112 and perfusion port 104. The dotted lines of filter 111, filtrate port 112, and filtrate tube

113 signify that these items are not on top surface 101 but inside bioreactor bag 100. The filtrate tube can be a flexible tube that allows the filter to move freely on the fluid surface in the bioreactor bag. In some embodiments, the perfusion port is closer to the second end than the first end of the bioreactor bag as shown in Figure 1. In other embodiments, the perfusion port is closer to the first end than the second end of the bioreactor bag. In some

embodiments, the perfusion port is closer to the first end than the middle. In some embodiments, the perfusion port is closer to the second end than the middle. In some embodiments, the perfusion port is closer to the middle than the first or second end. In addition, the perfusion port can be closer to the second side than the first side. In other embodiments, the perfusion port can be closer to the first side than the second side. [0027] The top surface of the bioreactor bag can also include a gas inlet port and a gas outlet port. For example, Figure 1 includes gas outlet port 105 and gas inlet port 106 on top surface 111. In some embodiments, the bioreactor bag can be inflated, in some embodiments partially inflated, through the gas inlet port. In some embodiments, gas (e.g., C02, oxygen, nitrogen, air, or mixtures thereof) from a gas source can enter through gas inlet port to inflate the bioreactor bag. Besides inflating the bag, the gas can be used for cell cultivation. For example, the gas can be required for cell metabolism. Exhaust gas (e.g., respired gases) from the bioreactor bag can exit the bioreactor bag through the gas outlet port. In some

embodiments, the gas inlet port and/or the gas outlet port are closer to the middle than the first end or the second end. In some embodiments, the gas inlet port and/or the gas outlet port are closer to the first end than the middle. In some embodiments, the gas inlet port and/or the gas outlet port are closer to the second end than the middle. In some embodiments, the gas inlet port is closer to the first side than the second side. In some embodiments, the gas inlet port is closer to the second side than the first side. In some embodiments, the gas outlet port is closer to the second side than the first side. In some embodiments, the gas outlet port is closer to the first side than the second side.

[0028] At least one of the plurality of ports of the bioreactor bag can have a dip tube(s). In some embodiments, the ports do not include dip tubes. In some embodiments, the bioreactor bag can include flaps (i.e., excess plastic) on at least one of the ends and/or sides of the bioreactor bag. In some embodiments, one or more of these flaps are removed during manufacture of the bioreactor bag and associated components. In other embodiments, the bioreactor bag does not include flaps on the ends and/or sides of the bag. Removal of one or more of the flaps, or a lack of flaps on the bag, can allow the bioreactor bags to fit on various different bioreactor rockers.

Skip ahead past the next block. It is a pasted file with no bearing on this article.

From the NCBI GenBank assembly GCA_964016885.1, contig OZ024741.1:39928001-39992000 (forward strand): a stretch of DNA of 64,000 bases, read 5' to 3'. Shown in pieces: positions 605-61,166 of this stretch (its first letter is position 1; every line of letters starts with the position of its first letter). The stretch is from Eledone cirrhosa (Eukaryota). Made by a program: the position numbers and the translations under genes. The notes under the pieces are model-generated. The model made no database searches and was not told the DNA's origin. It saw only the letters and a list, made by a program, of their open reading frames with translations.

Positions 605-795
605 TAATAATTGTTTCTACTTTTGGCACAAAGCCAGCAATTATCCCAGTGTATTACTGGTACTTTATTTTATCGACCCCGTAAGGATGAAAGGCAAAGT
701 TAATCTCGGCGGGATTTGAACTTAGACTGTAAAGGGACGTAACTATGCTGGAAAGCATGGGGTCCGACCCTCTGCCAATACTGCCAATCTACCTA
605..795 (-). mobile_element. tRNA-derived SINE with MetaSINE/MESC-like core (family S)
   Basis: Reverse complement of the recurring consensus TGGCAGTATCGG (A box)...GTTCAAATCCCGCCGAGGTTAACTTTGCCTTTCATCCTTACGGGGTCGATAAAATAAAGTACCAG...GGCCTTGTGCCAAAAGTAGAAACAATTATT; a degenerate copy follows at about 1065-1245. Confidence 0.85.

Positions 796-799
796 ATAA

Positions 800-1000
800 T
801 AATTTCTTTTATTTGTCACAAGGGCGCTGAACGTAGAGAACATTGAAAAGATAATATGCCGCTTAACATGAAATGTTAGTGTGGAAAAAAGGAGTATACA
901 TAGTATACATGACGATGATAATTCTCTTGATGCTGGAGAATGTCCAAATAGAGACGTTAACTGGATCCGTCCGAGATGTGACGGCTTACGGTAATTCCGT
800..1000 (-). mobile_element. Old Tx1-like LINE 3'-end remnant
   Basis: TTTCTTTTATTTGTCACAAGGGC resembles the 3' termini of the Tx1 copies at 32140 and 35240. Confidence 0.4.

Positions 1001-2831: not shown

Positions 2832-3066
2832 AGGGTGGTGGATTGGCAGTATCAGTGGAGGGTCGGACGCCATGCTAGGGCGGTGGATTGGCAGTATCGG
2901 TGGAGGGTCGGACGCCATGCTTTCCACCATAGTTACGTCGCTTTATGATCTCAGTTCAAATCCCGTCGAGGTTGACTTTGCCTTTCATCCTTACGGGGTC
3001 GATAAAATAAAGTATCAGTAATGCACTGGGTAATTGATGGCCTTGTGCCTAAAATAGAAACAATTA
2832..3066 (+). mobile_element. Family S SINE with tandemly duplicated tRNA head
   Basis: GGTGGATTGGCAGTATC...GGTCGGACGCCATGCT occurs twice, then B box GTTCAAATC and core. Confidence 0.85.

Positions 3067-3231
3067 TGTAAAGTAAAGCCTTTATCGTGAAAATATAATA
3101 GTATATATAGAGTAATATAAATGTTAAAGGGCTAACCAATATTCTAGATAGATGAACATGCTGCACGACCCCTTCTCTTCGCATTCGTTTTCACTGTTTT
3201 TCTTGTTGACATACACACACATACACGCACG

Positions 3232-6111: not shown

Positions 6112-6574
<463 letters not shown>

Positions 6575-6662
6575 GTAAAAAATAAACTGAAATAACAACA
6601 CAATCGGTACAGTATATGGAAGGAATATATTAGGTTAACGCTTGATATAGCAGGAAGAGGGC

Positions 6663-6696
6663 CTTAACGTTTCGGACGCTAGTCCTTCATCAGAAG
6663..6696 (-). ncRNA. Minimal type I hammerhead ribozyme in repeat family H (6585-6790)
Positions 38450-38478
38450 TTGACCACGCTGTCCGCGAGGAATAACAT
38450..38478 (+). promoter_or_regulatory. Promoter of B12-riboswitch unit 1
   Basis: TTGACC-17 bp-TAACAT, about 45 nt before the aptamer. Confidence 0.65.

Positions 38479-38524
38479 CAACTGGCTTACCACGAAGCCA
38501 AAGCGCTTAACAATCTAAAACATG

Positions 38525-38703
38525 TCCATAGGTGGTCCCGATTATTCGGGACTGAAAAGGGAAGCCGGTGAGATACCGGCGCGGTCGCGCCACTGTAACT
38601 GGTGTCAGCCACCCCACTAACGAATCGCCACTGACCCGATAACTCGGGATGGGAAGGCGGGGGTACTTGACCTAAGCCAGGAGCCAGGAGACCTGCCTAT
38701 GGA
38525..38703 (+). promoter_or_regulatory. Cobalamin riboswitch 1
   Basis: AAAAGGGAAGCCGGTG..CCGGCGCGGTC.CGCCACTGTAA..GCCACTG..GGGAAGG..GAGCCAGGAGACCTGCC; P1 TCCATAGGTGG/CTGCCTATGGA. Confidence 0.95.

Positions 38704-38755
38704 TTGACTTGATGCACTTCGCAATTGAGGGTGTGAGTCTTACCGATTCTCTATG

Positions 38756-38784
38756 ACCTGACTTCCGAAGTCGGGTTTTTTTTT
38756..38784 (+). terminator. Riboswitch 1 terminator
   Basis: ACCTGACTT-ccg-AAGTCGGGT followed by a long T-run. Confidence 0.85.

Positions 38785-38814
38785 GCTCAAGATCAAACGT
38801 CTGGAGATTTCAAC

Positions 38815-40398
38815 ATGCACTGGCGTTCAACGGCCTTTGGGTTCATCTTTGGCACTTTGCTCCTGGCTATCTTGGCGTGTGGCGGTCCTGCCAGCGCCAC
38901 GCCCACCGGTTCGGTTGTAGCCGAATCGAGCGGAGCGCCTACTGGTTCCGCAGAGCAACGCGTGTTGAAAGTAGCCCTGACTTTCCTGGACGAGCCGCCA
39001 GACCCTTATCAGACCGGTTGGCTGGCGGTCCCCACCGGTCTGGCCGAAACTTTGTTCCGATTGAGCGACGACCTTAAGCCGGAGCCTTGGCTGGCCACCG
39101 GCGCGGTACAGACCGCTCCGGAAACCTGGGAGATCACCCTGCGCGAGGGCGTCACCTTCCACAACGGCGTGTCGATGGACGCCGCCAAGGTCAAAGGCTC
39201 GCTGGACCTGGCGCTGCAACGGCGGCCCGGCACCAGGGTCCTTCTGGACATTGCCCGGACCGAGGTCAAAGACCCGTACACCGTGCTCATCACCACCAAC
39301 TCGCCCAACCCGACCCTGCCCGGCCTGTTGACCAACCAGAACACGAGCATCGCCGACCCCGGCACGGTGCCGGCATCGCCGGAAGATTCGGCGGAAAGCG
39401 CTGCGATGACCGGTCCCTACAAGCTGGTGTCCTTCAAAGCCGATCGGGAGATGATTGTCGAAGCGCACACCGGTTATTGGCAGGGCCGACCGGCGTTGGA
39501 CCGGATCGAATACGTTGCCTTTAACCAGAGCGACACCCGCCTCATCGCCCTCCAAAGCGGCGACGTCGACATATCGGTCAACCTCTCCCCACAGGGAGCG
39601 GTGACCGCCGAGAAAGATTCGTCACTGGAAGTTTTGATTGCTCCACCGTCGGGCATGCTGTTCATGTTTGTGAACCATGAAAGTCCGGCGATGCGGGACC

[0029] The top surface of the bioreactor bag can also include a product label. For example, Figure 1 includes product label 114 on top surface 101. The bioreactor bag can also include a bottom surface (not shown). In some embodiments, the bottom surface of the bioreactor bag can include at least one of the plurality of ports described above. In other embodiments, the bottom surface can be smooth. In some embodiments, the bioreactor bag is placed on a bioreactor rocker. A bioreactor rocker can rock or agitate the bioreactor bag, thereby providing movement (e.g., aeration and mixing) of the cells in the bag to foster cell cultivation. The rocking or agitation of the bioreactor can also provide efficient gas exchange from the gas-liquid surface. Examples of bioreactors with rocking motion platforms compatible with the bioreactor bag assemblies disclosed herein include, but are not limited to, GE Xuri W25, GE Xuri W5, Sartorius BioSTAT RM 20 I 50, Finesse SmartRocker

Bioreactor Systems, and Pall XRS Bioreactor Systems.

[0030] The bioreactor bag assemblies disclosed herein can be a disposable single use bioreactor bag assembly. The bioreactor bag can be made out of a flexible material such as a polymeric material (e.g., polyethylene). The polymeric material can be a plastic film or laminate. In addition, the flexible material can include inorganic oxides and/or metals. In some embodiments, the bioreactor bags can be made out of S80 film material. In some embodiments, the bioreactor bags have a gas barrier layer. The gas barrier layer material can include EVOH. In some embodiments, the bioreactor bags can have a product contact layer. The product contact layer material can include polyethylene such as linear low density polyethylene (LLDPE). In some embodiments, the bioreactor bag can be made out of the same material as a Sartorius Flexsafe RM Perfusion Bag. The bioreactor bags can have a total volume from 1-200 L (e.g., 1, 2, 10, 20, 50, 100, or 200 L). The bioreactor bags can have a culture volume of 100 mL to 100 L (e.g., 0.1-0.5 L, 0.2-1 L, 1-5 L, 2-10 L, 5-25 L, 10- 50 L, or 20-10 L).